CHARLESTON, W.Va. -- Here's a puzzle: High-tech U.S. businesses say they have 300,000 job vacancies but can't find science-savvy American workers to fill them. They asked Congress to raise the ceiling on H-1B visas for special-skills workers so that 200,000 well-educated aliens can arrive each year. (Some U.S. labor unions say this is a ploy to obtain foreign specialists who work for less.)
We assume that the unfilled vacancies are real -- during a time when millions of Americans are looking for work -- and they're a sad reflection on America's education system, which can't produce enough intelligent young people with science training.
STEM -- science, technology, engineering and math -- is a buzzword for the type of education needed by modern societies to continue advancing. America's lack is ominous.
Around one-fourth of U.S. teens drop out of high school, many flounder in drug problems, and graduates are woefully unprepared for jobs requiring mental abilities. America is falling behind other modern democracies in such training -- and West Virginia trails the U.S. average.
Two experts, Klaus Kleinfield of Alcoa aluminum and Richard Haass of the Council on Foreign Relations, wrote a joint treatise saying:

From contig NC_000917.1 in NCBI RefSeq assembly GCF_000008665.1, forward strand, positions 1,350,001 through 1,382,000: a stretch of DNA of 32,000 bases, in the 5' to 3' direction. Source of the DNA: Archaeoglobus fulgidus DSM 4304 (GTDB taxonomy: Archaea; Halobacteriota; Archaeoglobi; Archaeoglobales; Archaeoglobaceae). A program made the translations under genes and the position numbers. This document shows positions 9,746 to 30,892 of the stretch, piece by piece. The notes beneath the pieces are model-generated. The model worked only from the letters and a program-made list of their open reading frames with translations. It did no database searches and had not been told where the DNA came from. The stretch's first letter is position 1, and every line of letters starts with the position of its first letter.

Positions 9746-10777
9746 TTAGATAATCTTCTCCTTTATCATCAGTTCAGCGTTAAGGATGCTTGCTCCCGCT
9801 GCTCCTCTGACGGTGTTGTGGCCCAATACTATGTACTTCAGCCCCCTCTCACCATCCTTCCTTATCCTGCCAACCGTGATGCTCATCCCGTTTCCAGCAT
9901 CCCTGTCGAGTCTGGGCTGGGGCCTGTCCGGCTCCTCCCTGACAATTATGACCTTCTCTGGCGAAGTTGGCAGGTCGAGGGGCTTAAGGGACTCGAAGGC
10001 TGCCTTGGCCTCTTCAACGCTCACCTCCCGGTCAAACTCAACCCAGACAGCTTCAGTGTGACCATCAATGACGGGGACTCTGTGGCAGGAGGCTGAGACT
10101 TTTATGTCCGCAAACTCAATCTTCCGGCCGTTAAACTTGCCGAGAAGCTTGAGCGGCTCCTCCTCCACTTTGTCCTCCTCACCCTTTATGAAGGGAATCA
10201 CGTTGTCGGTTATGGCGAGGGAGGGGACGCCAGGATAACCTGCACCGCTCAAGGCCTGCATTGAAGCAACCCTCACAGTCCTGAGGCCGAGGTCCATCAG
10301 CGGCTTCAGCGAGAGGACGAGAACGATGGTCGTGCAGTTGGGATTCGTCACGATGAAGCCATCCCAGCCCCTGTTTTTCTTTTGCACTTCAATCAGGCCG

"[U.S.] manufacturing employs 12 million people in jobs that provide pay and benefits well above the national average. It accounts for more than 10 percent of the country's economy and 68 percent of its research and development investments.... As globalization has ramped up international competition and technology has revolutionized the shop floor, many of those 12 million jobs have changed dramatically.
"Today's manufacturers often rely on precision machinery, computer modeling and high-tech tooling far removed from the traditional assembly line, and too few American students are prepared for these skilled, internationally competitive jobs. U.S. high-schoolers ranked 23rd in science and 31st in math on recent international skills tests -- about on par with Hungary and behind Slovakia and Poland."
This is dismal. The new "information age" requires workers with keen knowledge, and multitudes of young Americans aren't qualified to participate.
West Virginia public schools and colleges are striving to boost STEM training. For example, West Virginia State University holds a NASA rocketry day and operates a summer science camp whetting teen interest in math, robotics, physics, biology, chemistry and other core fields.All parents should prod their children to become interested in high-tech learning that is the key to success in the rapidly changing world.